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At the heart of the legislation that relates to Special Needs is The Equality Act 2010, an act that applies to all of the UK except Northern Ireland and which pulls together many of the issues that relate to discrimination in all its forms.

The Equality Act stresses that all local authority schools, free schools, and academy schools have a duty to meet the special needs requirements of the children in their school as  laid down in the Equality Act 2010.  There is a government web site covering the relationship between schools and the Equality act.

Very, very few teachers or school managers would ever dream of breaking the Equality Act on purpose; but sometimes an individual teacher or manager in the school might easily forget just what the Act says, so it is worth reminding ourselves what is in this primary legislation.

In essence the Equality Act means that schools cannot discriminate against pupils because of their sex, race, disability, religion or belief, or sexual orientation.

The law on disability discrimination is different from the rest of the Act, and in essence it means that schools are allowed to (and indeed should) treat disabled pupils more favourably than non-disabled pupils.  Indeed in some cases schools are required to do so, by making reasonable adjustments to put the special needs pupils and students on a more level footing with pupils without disabilities.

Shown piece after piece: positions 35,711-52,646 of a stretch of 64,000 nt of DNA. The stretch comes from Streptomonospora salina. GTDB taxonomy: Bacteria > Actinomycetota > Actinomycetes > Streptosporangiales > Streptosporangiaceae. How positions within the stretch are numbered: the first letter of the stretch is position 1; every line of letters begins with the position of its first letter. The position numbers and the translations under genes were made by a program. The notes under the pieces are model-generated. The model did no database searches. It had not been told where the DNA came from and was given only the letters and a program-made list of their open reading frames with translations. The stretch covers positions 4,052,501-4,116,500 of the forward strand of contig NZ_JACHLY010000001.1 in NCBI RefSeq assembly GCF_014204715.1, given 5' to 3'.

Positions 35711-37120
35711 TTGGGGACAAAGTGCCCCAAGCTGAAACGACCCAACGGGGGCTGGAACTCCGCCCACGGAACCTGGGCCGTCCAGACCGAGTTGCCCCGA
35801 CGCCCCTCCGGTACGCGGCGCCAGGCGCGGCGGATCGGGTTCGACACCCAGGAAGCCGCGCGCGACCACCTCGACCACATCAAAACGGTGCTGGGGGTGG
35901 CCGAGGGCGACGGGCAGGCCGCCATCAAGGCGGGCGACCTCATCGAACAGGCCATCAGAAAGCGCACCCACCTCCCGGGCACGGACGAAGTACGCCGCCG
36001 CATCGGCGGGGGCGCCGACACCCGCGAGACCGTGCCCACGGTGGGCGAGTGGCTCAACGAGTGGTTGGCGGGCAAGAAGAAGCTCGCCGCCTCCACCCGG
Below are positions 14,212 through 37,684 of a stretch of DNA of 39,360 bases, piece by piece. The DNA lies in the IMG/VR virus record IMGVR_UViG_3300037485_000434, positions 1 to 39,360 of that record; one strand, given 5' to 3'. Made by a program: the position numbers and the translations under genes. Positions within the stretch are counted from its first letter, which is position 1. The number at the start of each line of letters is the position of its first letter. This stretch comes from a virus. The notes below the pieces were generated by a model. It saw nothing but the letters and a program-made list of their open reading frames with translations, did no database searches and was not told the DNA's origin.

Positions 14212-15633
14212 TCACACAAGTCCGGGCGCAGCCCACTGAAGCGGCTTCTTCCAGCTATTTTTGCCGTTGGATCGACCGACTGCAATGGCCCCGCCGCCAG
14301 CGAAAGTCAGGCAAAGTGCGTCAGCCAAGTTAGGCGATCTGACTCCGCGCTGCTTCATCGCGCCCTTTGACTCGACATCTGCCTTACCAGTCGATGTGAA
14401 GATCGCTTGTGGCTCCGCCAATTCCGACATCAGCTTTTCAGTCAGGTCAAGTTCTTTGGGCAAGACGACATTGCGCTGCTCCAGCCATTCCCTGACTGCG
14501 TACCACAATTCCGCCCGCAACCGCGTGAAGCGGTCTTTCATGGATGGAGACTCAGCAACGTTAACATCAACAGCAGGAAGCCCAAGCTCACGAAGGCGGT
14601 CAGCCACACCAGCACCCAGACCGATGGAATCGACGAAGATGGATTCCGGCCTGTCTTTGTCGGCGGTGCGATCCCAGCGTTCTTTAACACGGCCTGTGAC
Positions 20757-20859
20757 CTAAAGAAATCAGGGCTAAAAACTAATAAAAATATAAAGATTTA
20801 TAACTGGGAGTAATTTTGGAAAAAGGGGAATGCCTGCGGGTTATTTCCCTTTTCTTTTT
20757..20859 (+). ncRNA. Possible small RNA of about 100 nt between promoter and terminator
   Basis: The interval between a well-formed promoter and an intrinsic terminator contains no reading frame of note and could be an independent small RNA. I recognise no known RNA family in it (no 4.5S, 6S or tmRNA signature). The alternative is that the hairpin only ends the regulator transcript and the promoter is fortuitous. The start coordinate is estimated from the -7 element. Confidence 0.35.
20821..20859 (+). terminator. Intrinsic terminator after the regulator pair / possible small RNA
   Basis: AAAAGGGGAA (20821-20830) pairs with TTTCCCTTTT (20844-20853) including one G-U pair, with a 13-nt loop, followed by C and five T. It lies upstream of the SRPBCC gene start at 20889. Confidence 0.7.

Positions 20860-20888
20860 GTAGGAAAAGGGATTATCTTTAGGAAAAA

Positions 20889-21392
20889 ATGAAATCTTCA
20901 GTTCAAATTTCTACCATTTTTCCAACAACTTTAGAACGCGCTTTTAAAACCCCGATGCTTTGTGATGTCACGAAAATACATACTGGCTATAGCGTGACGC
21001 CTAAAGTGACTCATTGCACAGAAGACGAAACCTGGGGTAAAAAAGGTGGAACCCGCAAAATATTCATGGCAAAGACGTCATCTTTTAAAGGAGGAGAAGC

However the Act makes it quite clear that schools do not have to go to any length to meet the requirements of a disabled pupil or student (for example, a school in a Victorian building could argue that it is simply not viable to widen every door and install lifts for a wheelchair bound student, especially if such changes could affect the very fabric of the building). 

But when it comes to supplying teaching resources which are readily available and low cost, it is virtually impossible to make this argument.  Indeed as the link below to a case in Scotland shows, schools can be required to go the extra mile to make provision for a disabled student.

In short section 4.3 of the Equality Act suggests absolutely clearly that schools and the authorities that own or manage the schools do have an obligation to provide equal measures of education irrespective of disability, and on occasion may be expected to go further to meet the special needs of a child.

In addition to the Equality Act each part of the UK has its own regulations, and advisory documents.  A few of these are shown below.